How Environmental Agencies Are Revolutionizing Comment Management

Thomas Mullen
September 23, 2016

State environmental agencies go by many names — Environmental Protection Agency (EPA), Department of Environmental Quality (DEQ), Department of Environmental Protection (DEP), among others. But no matter the nomenclature, their task is the same: to enforce their state’s environmental laws and protect its air, water and land.

In this role, environmental regulators often end up as referees between the citizens and businesses whose activities and interests affect the region’s natural resources. And, like referees, you usually only hear their names when something goes wrong. An oil spill. An invasive fish decimating a native species. Groundwater pollution. Such hot-button issues are everyday subjects for a DEQ or DEP, which have the critical — sometimes impossible — job of solving such catastrophes to the closest satisfaction of a seemingly endless collection of stakeholders. Controversy is expected. Lawsuits are common.

However, there’s an in-house task familiar to every environmental administrator that can be just as precarious as the delicate environmental issues they monitor. Namely, the hundreds or even thousands of public comment periods they’re legally required to conduct and manage each year.

A few of these comment periods are related to highly charged issues and can be the focus of an intense amount of public interest, generating thousands of comments from community members and fellow agencies alike. We’ve touched on the benefits of using public comment software in these instances to analyze, organize and respond to a large influx of citizen input. In fact, these high-profile cases largely resemble impactful public comment periods carried out by other agencies, such as a Department of Transportation conducting an environmental impact statement for a large infrastructure project.

But while these high-profile behemoths may garner the headlines, the bulk of a DEQ’s comment management workload is quietly represented by a vast army of less visible but no less staff-intensive matters, including comment periods related to rule changes, permits, policy updates, reports, clean-up plans, and public engagement programs. For example, before a DEQ can issue an air permit to a private company, it might be required to put the matter before surrounding residents and businesses for 30 days to gauge if any strong opposition to the application exists. Some of these comment periods do end up drawing significant comments. Most don’t. But when you aggregate even less contentious comment events a few hundred times across several different divisions — air, water, and land, for example — the mere act of keeping track of them all quickly becomes an issue in itself. And, for a host of reasons, the potential for an administrative nightmare is clear.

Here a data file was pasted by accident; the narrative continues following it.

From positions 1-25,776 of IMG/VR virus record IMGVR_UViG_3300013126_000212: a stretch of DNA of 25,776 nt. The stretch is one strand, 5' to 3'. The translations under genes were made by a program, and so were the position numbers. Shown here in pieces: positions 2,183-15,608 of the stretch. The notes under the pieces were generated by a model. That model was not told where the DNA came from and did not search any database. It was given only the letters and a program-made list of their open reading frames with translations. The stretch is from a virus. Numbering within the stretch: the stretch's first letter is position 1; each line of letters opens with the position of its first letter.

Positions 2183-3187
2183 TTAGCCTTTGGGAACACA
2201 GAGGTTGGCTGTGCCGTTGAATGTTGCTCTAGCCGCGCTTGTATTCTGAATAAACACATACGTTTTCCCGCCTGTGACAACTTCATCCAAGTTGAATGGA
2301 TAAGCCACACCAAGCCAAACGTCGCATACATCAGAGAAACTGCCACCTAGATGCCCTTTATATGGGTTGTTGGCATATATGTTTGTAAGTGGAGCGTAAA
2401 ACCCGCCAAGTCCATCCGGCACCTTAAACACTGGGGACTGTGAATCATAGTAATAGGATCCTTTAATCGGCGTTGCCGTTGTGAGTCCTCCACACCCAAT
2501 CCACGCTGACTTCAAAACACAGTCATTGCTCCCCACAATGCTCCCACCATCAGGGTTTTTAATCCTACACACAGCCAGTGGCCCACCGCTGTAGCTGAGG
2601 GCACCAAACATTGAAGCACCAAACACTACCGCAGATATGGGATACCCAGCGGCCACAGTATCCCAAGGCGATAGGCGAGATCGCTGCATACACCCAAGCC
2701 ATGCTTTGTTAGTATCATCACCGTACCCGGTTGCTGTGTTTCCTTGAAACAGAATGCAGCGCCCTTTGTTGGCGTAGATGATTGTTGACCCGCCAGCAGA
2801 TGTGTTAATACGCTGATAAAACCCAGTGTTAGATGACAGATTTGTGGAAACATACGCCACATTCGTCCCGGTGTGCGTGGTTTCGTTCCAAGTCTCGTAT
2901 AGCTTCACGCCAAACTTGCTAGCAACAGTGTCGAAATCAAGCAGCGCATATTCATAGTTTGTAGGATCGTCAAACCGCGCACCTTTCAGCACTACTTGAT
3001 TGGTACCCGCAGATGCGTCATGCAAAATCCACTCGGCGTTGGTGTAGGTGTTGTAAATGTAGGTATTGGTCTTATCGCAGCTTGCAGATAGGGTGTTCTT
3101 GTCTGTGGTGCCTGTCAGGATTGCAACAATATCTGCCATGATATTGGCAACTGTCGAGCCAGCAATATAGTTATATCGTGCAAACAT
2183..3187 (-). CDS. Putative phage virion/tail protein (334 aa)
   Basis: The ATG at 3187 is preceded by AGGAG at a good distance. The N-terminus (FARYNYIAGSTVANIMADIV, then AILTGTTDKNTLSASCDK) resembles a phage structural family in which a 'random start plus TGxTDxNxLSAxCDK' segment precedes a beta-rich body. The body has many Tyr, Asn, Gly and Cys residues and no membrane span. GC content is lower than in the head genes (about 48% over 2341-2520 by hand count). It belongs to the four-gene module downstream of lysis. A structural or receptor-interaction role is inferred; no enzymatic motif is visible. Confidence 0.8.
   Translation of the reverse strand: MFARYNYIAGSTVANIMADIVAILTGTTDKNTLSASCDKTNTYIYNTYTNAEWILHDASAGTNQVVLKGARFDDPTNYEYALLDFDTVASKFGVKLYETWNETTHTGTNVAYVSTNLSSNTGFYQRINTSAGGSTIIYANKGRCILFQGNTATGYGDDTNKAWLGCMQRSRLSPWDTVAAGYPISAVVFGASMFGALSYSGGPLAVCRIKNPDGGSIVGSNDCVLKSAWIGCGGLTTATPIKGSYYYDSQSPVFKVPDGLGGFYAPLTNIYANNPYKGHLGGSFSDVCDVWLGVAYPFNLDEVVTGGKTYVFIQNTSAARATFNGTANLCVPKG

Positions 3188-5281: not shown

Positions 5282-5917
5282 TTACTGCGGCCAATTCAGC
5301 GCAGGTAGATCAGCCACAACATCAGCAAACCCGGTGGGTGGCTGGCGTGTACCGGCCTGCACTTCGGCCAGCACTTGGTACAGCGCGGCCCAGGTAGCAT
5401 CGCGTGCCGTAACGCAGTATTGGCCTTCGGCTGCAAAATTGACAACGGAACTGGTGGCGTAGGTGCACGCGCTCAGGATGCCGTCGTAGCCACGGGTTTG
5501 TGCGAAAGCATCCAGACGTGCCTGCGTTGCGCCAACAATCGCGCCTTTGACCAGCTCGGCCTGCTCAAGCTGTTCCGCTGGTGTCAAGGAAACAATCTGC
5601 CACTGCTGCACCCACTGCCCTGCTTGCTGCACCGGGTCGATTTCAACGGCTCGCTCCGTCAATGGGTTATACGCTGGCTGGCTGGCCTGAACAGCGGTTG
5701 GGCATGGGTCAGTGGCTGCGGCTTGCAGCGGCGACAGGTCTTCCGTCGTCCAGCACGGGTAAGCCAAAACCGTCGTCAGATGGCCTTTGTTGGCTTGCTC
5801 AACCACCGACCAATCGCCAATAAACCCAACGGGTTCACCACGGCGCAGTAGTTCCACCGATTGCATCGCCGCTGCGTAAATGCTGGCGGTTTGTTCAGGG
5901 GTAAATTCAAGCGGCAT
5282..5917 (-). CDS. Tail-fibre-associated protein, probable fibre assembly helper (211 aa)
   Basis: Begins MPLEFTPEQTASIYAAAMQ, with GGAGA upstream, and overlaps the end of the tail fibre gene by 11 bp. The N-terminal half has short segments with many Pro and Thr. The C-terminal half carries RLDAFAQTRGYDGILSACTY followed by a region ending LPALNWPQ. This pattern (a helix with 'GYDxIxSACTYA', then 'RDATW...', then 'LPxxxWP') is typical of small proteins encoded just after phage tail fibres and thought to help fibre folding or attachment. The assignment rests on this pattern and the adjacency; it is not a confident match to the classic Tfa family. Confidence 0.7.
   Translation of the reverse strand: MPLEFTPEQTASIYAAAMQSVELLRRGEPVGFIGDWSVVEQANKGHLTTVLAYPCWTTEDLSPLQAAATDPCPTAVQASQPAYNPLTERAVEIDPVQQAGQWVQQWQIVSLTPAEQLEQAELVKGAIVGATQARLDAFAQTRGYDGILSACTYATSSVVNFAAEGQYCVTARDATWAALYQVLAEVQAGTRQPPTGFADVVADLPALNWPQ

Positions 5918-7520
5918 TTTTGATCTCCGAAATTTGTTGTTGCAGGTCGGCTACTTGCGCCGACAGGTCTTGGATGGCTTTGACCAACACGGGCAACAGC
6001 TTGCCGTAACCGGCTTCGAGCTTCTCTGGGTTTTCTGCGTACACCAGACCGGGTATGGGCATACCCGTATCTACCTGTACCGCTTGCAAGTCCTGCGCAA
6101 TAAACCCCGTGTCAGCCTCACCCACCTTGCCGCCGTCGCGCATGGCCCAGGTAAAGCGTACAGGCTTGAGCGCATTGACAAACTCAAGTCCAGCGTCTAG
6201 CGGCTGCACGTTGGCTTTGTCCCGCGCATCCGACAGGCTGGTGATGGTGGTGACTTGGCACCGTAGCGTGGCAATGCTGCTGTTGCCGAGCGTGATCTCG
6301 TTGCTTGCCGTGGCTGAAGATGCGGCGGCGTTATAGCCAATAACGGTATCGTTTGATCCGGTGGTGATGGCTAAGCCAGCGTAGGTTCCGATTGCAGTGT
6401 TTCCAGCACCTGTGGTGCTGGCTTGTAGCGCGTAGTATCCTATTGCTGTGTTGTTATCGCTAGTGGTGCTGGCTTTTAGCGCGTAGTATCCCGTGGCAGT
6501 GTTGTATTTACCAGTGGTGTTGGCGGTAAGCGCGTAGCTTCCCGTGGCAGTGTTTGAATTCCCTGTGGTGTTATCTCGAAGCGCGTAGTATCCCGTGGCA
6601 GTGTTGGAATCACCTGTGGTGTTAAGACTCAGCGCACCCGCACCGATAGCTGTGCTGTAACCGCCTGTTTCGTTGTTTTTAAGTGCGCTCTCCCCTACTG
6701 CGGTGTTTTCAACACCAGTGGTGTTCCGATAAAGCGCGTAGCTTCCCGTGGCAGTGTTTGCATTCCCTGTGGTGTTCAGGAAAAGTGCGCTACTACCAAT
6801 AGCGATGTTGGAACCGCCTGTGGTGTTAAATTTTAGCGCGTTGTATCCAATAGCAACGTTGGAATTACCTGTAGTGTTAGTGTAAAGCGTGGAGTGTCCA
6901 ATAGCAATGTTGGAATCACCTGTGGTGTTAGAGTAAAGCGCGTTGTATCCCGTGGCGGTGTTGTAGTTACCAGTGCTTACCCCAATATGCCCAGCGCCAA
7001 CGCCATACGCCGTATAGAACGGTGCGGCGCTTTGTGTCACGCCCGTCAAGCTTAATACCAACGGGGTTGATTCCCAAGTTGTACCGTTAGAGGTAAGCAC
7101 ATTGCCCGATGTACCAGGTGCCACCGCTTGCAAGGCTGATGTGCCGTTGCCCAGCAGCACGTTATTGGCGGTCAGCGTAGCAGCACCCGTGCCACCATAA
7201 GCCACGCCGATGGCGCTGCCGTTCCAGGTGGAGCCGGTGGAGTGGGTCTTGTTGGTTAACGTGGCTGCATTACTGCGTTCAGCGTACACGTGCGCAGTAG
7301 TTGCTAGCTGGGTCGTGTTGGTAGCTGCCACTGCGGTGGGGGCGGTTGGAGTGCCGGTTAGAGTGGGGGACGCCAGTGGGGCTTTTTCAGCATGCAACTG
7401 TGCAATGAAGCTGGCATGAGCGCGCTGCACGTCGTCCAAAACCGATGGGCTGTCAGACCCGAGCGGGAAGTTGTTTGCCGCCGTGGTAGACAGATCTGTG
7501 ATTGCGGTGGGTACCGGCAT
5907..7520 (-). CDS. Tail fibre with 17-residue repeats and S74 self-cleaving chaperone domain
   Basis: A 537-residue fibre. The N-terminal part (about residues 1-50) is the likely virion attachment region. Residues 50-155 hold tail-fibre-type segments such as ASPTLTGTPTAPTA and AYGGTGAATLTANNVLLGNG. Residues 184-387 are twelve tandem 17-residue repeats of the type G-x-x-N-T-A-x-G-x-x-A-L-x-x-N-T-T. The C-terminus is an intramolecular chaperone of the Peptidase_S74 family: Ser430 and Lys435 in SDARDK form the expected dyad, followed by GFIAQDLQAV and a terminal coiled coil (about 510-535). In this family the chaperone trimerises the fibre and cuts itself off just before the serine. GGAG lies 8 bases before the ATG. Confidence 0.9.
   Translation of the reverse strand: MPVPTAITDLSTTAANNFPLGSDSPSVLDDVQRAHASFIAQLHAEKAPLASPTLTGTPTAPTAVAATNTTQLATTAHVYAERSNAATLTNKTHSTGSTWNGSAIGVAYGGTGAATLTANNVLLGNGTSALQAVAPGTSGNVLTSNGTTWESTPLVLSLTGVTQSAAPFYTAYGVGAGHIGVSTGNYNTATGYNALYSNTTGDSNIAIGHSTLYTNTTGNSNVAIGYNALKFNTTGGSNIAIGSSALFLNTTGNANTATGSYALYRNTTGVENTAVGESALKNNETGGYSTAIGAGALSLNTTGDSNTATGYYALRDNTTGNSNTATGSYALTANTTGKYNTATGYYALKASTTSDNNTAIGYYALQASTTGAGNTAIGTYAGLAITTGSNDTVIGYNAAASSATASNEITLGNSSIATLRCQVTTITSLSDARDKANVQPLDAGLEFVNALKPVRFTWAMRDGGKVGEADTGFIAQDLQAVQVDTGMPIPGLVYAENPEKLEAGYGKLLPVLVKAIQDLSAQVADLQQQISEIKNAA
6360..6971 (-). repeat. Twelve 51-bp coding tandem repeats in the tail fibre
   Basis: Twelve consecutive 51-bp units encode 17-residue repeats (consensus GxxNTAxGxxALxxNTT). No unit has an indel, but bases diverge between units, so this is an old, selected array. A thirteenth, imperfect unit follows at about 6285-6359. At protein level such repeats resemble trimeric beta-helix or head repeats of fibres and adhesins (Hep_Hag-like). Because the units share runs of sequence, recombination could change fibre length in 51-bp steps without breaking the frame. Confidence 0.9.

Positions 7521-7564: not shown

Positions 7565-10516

First off, incoming comments can take multiple forms, from letters to emails to faxes to electronic comments. Likewise, the methods for keeping track of and responding to them within an agency can vary from division to division and from project to project, often consisting of a hodgepodge of jerry-rigged solutions: from Microsoft Word to Access to Excel, Socrata, or some combination thereof. Even the simple of act of keeping track of when these comment periods begin and end is enough to make a DEQ staff member feel like Sisyphus, doomed to repeatedly keep pushing their personal boulder up that hill.

Of course, the danger for environmental staff is more than just frustration. Borrowing the referee comparison again, every DEQ lives with the reality that even the slightest mistake is an open invitation for an opponent’s challenge — usually the legal kind.

It’s for these reasons that SmartComment developed its comment management tools with the specific needs of a DEQ staff in mind. Not only does SmartComment give an environmental staff the horsepower to manage thousands of comments related to a single comment period, but our project manager allows them to launch, organize, and maintain multiple comment periods as easily as the computer files on their desktops. An administrator can automatically set a comment period to start and end on a specific time and date, then populate its location, topics and other criteria with a few mouse clicks. When a comment period is active, staff can check in at any point for a real-time look at all of its latest data and submissions. And even after the comment period has closed, all of its data remains permanently available in case of a future review. Comment periods can also be partitioned by department or any other designation to ensure only appropriate staff members or divisions have access to a given comment event.

Not that we could have anticipated all these needs on our own, of course. We’ve had the pleasure of developing SmartComment’s DEQ-facing project manager while working hand-in-hand with regulators in some of the most environmentally sensitive states in the country, who say it has literally transformed the way they manage input from the public — from the big-ticket policy proposals down through the labyrinth of smaller regulatory actions requiring a public input component.

As we continue to talk and work with a wider network of forward-thinking environmental agencies, we look forward to developing even more innovations that can continue to ease the burden of the manual comment management process, while helping DEQs realize increased levels of transparency and public accessibility.

After all, the Earth’s referees really should have the latest gear.